25. Note all the powers of 3. Re-write everything as a power of 3 and apply the laws of indices.

26. Use $Kinetic Energy=\frac{1}{2}mv^2$ and re-write the velocity of the thorium nucleus using conservation of momentum. Rearrange for the square of the velocity of the alpha particle and use $\frac{1}{2}mv^2$.

27. There are $n$ equal exterior angles and they sum to 360. Use this to find one angle of the isosceles triangle.

28. From the distances deduce that one path is $\frac{5}{3}$ times as long as the other. Therefore the short path takes the same time to traverse as three clicks. Use this to work out the time taken for one click and hence the frequency.

Part B

29. Substitute the two values of $x$ which will give simultaneous equations in $p$ and $q$. Eliminate $q$.

30. Newton's Third Law can only be applied between two bodies where the forces are equal and opposite. This eliminates all but one equation.

31. Find the centre and radius of the circle and expand the resulting equation.

32. Define a tension $T$ in the rope and apply Newton's second law to the crate in isolation.

33. Find the common ratio of the series (preferably by inspection) and apply the sum to infinity formula.

34. Resolve the pushing force horizontally and vertically using the approximations given then invoke vertical equilibrium and $Work=Force\times Distance$.

35. Use Pythagoras or familiar triangles to work out the length of the tangents. Once you have this it is straightforward to calculate the area of the two triangles and subtract the area of the sector from it.

36. Define the centre of mass of the plank to be an unknown distance from its centre, say $x$ to the right. Use this and moments to form an equation involving $x$ and solve it. The force on the pivot is the combined weight of the people and the plank.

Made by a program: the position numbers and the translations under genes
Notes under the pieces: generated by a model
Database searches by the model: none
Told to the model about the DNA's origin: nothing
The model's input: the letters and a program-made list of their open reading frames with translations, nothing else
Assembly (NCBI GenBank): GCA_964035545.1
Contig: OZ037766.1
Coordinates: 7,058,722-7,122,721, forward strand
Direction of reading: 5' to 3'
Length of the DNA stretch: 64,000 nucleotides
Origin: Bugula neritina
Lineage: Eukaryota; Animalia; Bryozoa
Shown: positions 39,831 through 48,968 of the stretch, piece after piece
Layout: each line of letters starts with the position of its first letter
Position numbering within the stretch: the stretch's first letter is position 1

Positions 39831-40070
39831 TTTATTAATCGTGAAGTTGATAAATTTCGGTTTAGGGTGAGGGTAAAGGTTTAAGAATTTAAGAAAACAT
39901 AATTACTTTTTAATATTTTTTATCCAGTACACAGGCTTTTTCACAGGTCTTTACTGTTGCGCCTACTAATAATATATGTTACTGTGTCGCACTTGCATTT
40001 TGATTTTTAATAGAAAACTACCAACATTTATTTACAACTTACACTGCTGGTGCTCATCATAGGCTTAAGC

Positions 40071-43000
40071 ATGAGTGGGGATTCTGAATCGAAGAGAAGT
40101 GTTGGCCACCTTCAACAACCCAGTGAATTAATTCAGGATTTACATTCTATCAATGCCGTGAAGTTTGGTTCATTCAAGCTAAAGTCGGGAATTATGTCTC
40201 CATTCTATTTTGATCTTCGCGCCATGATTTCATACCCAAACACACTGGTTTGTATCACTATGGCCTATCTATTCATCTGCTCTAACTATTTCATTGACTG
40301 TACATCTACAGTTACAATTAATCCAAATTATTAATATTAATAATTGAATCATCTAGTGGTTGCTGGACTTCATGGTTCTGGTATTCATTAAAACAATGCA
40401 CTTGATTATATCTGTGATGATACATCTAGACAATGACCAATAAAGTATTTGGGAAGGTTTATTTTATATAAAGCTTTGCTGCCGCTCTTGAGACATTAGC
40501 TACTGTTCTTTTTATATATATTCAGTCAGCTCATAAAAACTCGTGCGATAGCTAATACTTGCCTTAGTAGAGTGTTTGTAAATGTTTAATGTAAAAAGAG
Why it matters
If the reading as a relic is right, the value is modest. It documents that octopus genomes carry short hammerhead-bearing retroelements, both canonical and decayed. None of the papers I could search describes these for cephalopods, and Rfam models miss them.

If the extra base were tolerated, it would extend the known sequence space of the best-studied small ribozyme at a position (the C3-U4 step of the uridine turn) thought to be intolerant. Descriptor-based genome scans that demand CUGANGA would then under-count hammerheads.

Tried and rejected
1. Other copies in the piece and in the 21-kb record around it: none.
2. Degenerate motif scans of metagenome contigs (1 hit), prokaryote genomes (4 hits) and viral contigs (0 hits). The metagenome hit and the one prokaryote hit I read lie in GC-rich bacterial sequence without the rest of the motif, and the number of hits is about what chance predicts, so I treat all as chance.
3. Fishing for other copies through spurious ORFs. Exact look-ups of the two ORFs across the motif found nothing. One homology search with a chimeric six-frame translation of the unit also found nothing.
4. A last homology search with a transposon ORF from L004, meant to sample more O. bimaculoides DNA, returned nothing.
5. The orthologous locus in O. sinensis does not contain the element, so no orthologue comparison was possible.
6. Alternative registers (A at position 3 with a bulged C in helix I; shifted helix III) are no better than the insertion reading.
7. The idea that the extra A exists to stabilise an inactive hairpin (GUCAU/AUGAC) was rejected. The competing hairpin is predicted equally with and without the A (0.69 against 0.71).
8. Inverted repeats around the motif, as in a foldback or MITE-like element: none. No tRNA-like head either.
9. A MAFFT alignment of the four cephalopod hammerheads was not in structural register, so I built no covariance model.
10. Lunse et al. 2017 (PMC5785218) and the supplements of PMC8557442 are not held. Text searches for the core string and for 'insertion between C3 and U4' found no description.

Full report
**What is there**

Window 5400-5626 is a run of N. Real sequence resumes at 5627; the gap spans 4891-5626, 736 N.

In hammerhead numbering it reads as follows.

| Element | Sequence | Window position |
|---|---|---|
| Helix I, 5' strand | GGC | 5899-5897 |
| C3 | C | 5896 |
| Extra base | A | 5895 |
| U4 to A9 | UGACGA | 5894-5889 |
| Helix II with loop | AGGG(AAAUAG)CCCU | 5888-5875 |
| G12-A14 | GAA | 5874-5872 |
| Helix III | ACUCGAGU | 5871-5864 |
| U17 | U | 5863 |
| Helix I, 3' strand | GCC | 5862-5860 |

37. Rewrite the equation in terms of $cos\theta$ using trigonometric identities. Solve the resulting quadratic equation.

38. Use initial energy + kinetic energy gained due to fall - energy lost due to friction = final kinetic energy. Solve for the energy lost due to friction.

39. Rearrange and form an inequality for the discriminant then solve.

40. The only forces apart from friction acting on the block are at right angles or parallel to each other. Investigating whether the perpendicular distance from the pivot is $d$ will help to ascertain the moment due to $P$.

41. From the equations of the lines, the distances $LO$ and $OM$ can be found in terms of $m$ and $p$. Equate their sum to 5 and use the condition for two gradients to be perpendicular to eliminate $m$ or $p$.

42. Use $GPE=mgh$ being careful to locate the centres of mass of the blocks correctly.

43. Differentiate and set the gradient to be greater than zero.

44. Use change in KE = change in GPE to find $h$. Knowing that solving for $t$ in the second part will lead to two solutions should point you to the correct equation of constant acceleration to use.

45. Find the co-ordinates of the vertex of the new parabola and write its equation in completed square form.

46. Use conservation of momentum to find out the velocity of $P$ after the collision and work out the kinetic energy of all the balls before and after the collision.

47. Spot that this is a disguised quadratic. Let $y=x^2$ and solve for $y$ then $x$.

48. Work out the magnitude of the resultant force (either by Pythagoras or (better) familiar triangles) and subtract the maximum friction force available from it. Divide by the mass of the object.

49. Differentiate the expression and find the height of the turning point which has a negative $x$ value.

50. Define a tension, $T$ in the string. Form two equations using Newton's second law for each mass. Eliminate $T$ and solve for the frictional force.